ne of the key differentiators for any business in any industry is its level of customer care. This is particularly so, of course, in service industries where it is how a customer feels about the overall quality and level of service they have received that will dictate their view of a company and, importantly, whether they will continue to use them for that particular service. Financial advice is very much a service and it is the relationship between, not just the adviser firm and the person needing financial advice, but also the individual adviser and the person that is essential to ensuring the customer receives the right level of service to satisfy their financial requirements. As such, taking a regular review of how customers/clients feel about our firm, in our view, is an essential part of maintaining a quality service. Of course, a lot of what we do is face-to-face advice, which is the ideal opportunity to gauge how clients are feeling. But good financial planning is a long-term process and as part of that it is sensible to conduct a regular survey of our clients that allows them to give us their candid views and for us to chart our performance. In addition, we believe that having conducted the survey, which is an invaluable management tool, we should make the results available to our clients and to prospective clients as well. After all, the mark of a firm is the way its clients see it and the value they receive from the service provided.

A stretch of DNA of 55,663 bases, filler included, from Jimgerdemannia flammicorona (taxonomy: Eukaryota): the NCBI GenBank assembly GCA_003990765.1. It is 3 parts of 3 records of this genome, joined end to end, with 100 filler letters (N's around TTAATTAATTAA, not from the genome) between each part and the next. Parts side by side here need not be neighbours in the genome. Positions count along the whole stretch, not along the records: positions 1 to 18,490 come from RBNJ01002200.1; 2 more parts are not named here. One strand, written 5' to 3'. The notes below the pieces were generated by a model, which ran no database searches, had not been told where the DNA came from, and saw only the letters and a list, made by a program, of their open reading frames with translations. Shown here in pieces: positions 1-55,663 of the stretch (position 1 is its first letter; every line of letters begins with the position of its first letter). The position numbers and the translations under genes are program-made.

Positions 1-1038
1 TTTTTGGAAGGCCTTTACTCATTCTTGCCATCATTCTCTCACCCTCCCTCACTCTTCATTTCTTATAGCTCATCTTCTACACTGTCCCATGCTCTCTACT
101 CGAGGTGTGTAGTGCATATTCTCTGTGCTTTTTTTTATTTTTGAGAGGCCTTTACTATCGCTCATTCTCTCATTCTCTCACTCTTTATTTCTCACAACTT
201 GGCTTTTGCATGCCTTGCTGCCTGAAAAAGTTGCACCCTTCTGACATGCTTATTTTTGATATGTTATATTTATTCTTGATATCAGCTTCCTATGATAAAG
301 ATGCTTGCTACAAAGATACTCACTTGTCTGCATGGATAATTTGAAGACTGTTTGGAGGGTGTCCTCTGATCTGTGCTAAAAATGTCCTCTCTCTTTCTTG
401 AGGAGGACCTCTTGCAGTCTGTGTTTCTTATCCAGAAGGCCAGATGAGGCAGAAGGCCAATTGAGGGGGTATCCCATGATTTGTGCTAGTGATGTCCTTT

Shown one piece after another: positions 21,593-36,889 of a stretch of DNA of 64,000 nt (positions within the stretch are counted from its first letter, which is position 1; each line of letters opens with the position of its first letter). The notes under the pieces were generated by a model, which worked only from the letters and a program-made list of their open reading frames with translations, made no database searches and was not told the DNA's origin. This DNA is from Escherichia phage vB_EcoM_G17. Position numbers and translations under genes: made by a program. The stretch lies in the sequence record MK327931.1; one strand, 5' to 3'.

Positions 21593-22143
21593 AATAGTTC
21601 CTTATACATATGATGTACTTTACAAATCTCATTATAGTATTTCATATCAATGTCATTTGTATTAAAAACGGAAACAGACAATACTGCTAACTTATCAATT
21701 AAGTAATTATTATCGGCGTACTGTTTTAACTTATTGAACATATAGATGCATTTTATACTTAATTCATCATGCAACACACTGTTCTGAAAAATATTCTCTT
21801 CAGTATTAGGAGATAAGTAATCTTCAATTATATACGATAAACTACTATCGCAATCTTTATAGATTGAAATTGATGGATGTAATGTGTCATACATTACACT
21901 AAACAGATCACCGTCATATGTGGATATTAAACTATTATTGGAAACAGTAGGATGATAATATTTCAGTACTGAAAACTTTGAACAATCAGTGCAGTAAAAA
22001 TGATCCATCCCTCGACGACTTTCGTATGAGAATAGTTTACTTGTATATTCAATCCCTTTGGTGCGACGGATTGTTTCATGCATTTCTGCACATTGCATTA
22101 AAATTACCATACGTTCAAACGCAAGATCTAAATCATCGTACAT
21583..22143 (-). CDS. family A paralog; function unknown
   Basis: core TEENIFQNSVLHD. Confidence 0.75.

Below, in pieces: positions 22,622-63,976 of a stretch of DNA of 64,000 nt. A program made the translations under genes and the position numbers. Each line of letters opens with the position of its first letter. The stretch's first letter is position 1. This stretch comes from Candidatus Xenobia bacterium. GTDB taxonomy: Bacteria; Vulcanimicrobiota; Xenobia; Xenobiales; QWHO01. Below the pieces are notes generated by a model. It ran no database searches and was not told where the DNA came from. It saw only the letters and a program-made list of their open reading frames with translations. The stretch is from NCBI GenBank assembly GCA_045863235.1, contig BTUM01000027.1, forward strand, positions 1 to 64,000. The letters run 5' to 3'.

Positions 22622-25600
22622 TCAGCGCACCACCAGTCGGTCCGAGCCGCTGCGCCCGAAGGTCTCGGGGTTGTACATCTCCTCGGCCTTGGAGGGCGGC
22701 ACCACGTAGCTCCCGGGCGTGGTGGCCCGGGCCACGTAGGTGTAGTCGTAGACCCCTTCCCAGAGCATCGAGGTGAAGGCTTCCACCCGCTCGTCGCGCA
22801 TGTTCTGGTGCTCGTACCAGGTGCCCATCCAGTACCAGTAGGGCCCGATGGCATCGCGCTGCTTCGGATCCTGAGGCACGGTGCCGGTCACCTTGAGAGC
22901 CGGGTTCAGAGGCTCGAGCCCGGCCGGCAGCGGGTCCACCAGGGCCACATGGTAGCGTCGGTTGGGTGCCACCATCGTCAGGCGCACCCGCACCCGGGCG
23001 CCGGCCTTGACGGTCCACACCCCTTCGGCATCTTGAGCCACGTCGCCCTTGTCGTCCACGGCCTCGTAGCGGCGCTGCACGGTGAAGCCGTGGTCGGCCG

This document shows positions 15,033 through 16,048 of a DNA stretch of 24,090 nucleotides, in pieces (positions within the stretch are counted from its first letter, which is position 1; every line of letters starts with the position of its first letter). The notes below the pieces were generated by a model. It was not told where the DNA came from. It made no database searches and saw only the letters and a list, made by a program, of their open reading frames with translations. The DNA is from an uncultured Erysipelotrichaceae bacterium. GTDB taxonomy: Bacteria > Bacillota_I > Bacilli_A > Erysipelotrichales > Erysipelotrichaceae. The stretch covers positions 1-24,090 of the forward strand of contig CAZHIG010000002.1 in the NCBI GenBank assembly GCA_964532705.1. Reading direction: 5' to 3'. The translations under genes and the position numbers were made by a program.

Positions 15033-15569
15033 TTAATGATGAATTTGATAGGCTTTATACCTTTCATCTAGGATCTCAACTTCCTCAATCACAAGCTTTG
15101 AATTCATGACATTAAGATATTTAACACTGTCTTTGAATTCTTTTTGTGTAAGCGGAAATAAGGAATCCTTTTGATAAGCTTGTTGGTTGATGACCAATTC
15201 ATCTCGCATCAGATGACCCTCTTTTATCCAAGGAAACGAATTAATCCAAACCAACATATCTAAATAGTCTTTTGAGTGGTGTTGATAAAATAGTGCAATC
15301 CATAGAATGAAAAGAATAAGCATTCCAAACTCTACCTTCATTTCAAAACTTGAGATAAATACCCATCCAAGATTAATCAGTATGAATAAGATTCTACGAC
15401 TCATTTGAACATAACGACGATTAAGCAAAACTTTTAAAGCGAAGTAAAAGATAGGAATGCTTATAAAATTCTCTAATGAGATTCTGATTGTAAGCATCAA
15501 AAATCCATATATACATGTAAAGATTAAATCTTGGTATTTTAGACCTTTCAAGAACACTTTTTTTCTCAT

EXPERT VIEW Ian Lowes Managing director Lowes Financial Management Tel: (0191) 281 8811 Email: Web:

So, for over two decades Lowes has been conducting biennial client satisfaction surveys to help measure our performance and identify how we may improve our service to our clients. We have over ten years’ worth of survey results on our website, freely available for our clients and, indeed, anyone else to view. The response rate for the 2013 survey was very high and that is an encouraging sign. We are extremely pleased to note that against what has been a somewhat challenging economic backdrop, in general our clients feel we have maintained the level and quality of service for which we strive. It is important when conducting surveys that they do more than scratch the surface and are sufficiently in-depth to allow us to see where improvements may be necessary. So as well as asking for a general overview of how we have performed, we add specific questions about, for example, our client service, our approachability, our